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Darning the past, present and future of textile sites

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Regular session
9:00 AM, Thursday 1 Sep 2022 (1 hour 30 minutes)
Break   10:30 AM to 11:00 AM (30 minutes)

The textile sector led industrialization and urbanization worldwide for nearly three centuries. Textile industries established global trade networks based on transport, skills, knowledge, and power. They changed territories, landscapes, and cityscapes. Mill complexes and their infrastructure - canals for power and transport, railways, warehouses, and workers' housing- form historic rural or urban landscapes and represent global chains of production. This textile heritage includes tangible mills and artefacts with transcultural dimensions, as well as aspects of intangible or living heritage.

The session focusses various dimensions of textile heritage: First, the uses and aims of heritage are themed in the context of sustainable development. Case studies might range from a company town for a textile firm to single buildings, from adaptive reuse to rehabilitation, and from small interventions to large scale sustainable urban planning. Morphology and typology help to structure knowledge and criteria for selecting, listing, and valuing places, not least in the context of comparative studies for UNESCO. Secondly, global dimensions of local heritage are covered. Transcultural dimensions of textile heritage -based on knowledge transfer, production chains, or cooperation- are made manifest as tangible assets and intangible concepts. Thirdly, we reflect people’s participation in identifying, valuing, and safeguarding textile heritage sites. Going back to the context of sustainable development, the social dimension and with it, civic engagement, is—beside economic and environmental challenges—one of the pillars of sustainability.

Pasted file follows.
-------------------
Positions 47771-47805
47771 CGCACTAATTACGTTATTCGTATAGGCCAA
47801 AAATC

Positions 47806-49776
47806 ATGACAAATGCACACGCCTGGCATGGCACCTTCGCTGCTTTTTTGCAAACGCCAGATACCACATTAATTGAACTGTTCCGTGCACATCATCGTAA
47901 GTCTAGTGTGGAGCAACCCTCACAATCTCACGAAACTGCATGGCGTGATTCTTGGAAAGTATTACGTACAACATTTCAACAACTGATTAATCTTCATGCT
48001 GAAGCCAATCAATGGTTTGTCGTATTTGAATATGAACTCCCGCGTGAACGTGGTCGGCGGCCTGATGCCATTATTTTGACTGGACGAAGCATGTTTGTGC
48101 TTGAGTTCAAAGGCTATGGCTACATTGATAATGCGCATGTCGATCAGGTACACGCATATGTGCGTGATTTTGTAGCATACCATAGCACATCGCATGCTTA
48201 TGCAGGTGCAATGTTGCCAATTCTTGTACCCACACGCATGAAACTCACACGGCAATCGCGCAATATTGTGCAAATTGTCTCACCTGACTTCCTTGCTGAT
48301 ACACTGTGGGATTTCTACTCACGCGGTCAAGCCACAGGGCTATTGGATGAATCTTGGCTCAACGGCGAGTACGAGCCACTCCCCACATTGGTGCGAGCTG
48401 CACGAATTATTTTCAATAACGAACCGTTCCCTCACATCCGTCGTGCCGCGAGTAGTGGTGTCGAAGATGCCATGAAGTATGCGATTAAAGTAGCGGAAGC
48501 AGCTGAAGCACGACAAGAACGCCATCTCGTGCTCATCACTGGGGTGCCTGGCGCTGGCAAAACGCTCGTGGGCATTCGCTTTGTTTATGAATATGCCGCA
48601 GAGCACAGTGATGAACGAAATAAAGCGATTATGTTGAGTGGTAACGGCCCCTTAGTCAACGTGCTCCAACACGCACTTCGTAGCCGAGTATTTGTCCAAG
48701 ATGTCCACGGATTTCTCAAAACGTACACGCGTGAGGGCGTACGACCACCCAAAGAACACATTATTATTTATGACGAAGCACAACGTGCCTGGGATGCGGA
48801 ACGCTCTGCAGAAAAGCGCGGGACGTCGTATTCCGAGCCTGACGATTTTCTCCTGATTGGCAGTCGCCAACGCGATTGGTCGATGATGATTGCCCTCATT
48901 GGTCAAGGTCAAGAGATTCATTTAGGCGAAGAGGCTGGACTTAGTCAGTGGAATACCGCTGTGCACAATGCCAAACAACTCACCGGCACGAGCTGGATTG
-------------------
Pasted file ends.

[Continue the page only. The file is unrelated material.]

We invite scholars and practitioners to participate in this session with their case study analyses and critical reflections on textile heritage sites, permitting renewed human perspectives on sustainable development. The Americas in particular need representation as the meetings of the TICCIH textile section have so far all taken place in Europe.

Sub Sessions

9:00 AM - 9:20 AM | 20 minutes

Most of the industrial cities, districts, and company towns in a larger scale were planned and built in the late 19th and 20th century; at a time when the urban planning discipline was born and first paradigm of modern urban planning were defined. Textile was, next to iron works and mining, the leading industry in Europe with manifold industrial complexes in towns and landscapes. New Lenark (1785) and Saltaire, (1850-52), were early, but leading examples for company towns.  The...

9:30 AM - 9:50 AM | 20 minutes

At the turn of the 19th and 20th century, the present capital of Latvia, Riga, was a major port and one of the most important industrial centres in both the Baltic region and in Russian Empire. Industrial development, regarded as controversial nowadays, was important for the urban development and social life during the 2nd part of the 20th century, too, both for the capital and for other towns. There are studies available on general industrial history of Latvia while studies of particular ...

10:00 AM - 10:20 AM | 20 minutes

Les villes de Chemnitz (Allemagne), Lodz (Pologne), Manchester (Grande-Bretagne) et Mulhouse (France), ont connu un développement exceptionnel dans l’industrie et le commerce du coton très fortement lié à la chimie et à la mécanique. Outre les travaux sur le patrimoine industriel technique et bâti réalisé dans le cadre de la section « textile » du TICCIH, il est intéressant de se pencher sur le patrimoine immatériel important dans ces mêmes villes textiles. Parmi les pistes de réflexion propo...

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